Reconceptualizing Suicide as Impaired Temporal Discounting: An fMRI Study in Bipolar Disorder
Andrew Nierenberg, M.D., Massachusetts General Hospital
2013 Distinguished Investigator Grant
Inside the Research
Bio: Dr. Nierenberg received his medical degree from Albert Einstein College of Medicine at Yeshiva University in 1980. He is currently a Professor of Psychiatry at Harvard Medical School, Director of the NIMH Bipolar Trials Network and National Coordinating Center, and Director of the Bipolar Clinic and Research Program at Massachusetts General Hospital.
Research Category: Neurobiological studies (Brain functioning)
Abstract: This study explores the link between bipolar disorder, anxiety, and suicide. If suicidal behavior and death by suicide are conceptualized as decisions, then it makes sense to examine key aspects of decision making in these patients. The hypothesis is that suicide in patients with bipolar disorder may be related to a bias in intertemporal discounting ‐ the tendency to take smaller rewards now rather than larger rewards later. From the suicidal person’s perspective, suicide could be conceptualized as his or her hope to “get out of pain and misery now rather than later.” Bipolar patients with anxiety have more suicidal ideation and a history of more lifetime suicide attempts than non‐anxious patients, but the reason for this increased anxiety is unclear. It is possible that the anxious, depressed, bipolar person, in particular, is unable to see the “light at the end of the tunnel” (i.e. they have greater intertemporal discounting), and therefore, they are particularly prone to experiencing suicidal ideation.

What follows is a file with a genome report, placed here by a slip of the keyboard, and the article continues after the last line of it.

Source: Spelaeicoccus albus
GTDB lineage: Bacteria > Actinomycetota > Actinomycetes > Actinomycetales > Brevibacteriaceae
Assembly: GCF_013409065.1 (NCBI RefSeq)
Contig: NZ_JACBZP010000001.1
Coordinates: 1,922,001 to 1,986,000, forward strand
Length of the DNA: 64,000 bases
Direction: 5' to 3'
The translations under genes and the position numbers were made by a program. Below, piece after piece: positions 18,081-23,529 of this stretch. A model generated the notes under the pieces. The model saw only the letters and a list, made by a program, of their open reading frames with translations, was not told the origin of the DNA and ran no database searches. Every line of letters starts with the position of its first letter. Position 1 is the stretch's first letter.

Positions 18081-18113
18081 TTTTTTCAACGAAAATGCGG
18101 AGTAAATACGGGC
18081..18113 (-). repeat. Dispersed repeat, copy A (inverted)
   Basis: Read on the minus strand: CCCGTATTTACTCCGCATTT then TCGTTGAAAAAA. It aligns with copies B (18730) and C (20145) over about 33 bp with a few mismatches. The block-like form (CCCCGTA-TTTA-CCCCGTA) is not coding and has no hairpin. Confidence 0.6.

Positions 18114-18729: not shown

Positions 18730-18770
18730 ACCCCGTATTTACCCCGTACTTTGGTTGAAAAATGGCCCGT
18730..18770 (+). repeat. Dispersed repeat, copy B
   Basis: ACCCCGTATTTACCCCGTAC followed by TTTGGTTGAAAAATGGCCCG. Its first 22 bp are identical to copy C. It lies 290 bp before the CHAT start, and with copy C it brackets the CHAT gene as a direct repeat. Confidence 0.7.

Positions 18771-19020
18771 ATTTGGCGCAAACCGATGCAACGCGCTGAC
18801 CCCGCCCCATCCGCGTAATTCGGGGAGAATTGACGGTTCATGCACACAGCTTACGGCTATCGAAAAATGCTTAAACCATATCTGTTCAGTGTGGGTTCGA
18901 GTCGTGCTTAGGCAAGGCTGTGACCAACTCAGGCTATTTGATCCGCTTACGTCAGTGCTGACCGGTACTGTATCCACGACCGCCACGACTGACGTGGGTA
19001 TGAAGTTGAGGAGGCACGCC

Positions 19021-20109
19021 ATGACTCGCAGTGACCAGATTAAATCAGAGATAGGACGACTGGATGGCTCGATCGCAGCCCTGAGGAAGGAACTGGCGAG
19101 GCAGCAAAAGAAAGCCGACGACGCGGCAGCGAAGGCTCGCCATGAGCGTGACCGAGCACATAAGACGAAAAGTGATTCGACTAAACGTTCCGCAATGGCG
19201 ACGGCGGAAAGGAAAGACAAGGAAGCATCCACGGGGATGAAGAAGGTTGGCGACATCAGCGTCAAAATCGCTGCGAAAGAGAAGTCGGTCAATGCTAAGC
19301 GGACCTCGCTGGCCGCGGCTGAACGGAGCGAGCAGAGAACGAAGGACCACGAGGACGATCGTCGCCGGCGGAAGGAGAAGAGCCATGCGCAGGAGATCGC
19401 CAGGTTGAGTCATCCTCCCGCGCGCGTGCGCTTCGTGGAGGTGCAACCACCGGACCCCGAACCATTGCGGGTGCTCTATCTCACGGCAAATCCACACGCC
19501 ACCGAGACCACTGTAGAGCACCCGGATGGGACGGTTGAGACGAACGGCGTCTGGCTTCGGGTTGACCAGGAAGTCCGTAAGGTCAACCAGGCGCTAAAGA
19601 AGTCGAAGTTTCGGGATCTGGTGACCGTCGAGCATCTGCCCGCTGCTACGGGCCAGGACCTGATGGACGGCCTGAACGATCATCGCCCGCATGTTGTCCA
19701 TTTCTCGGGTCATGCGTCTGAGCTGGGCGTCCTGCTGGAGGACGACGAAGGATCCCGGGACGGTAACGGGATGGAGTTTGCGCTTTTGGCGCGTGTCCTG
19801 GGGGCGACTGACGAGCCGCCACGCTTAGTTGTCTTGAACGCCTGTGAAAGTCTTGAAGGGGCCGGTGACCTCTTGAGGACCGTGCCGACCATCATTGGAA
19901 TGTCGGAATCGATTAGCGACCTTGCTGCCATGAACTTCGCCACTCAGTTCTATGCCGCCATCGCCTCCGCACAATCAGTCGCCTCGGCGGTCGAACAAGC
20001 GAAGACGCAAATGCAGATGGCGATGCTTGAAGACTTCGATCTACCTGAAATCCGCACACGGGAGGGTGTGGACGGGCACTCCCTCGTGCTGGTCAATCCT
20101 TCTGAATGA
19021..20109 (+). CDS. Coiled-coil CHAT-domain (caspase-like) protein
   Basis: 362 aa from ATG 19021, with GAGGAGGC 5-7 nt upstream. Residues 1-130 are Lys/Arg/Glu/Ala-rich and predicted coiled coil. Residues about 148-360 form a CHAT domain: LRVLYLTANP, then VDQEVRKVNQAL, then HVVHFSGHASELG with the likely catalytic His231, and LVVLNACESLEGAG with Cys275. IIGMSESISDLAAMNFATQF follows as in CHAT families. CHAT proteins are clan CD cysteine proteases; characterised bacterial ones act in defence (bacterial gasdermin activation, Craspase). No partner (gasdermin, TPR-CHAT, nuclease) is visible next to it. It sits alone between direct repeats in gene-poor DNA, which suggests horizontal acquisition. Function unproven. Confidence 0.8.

In order to explore the link between bipolar disorder, anxiety, and suicide intertemporal discounting, 20 anxious, depressed, suicidal patients with bipolar I disorder will be compared with 20 nonanxious, depressed, suicidal patients with bipolar I disorder. Participants’ intertemporal discounting (small rewards now compared to larger rewards later) is studied with a decision‐making task, and the associated brain function will be measured by using functional magnetic resonance imaging (fMRI). Along with the hypothesis that anxious, depressed, suicidal patients have greater intertemporal accounting compared to non‐anxious, depressed, suicidal patients, the investigators expect that anxious, depressed, suicidal patients will also have higher activations in frontal and limbic regions of the brain.
This study aims to describe the relationship between biases in intertemporal discounting, anxiety, and suicide and the associated brain function and provide insights for both psychosocial and biological interventions for preventing suicide.
Impact: Biological and psychological treatment for the suicidal person with depression, anxiety, and Bipolar 1 disorder will be informed by understanding decision-making and brain function.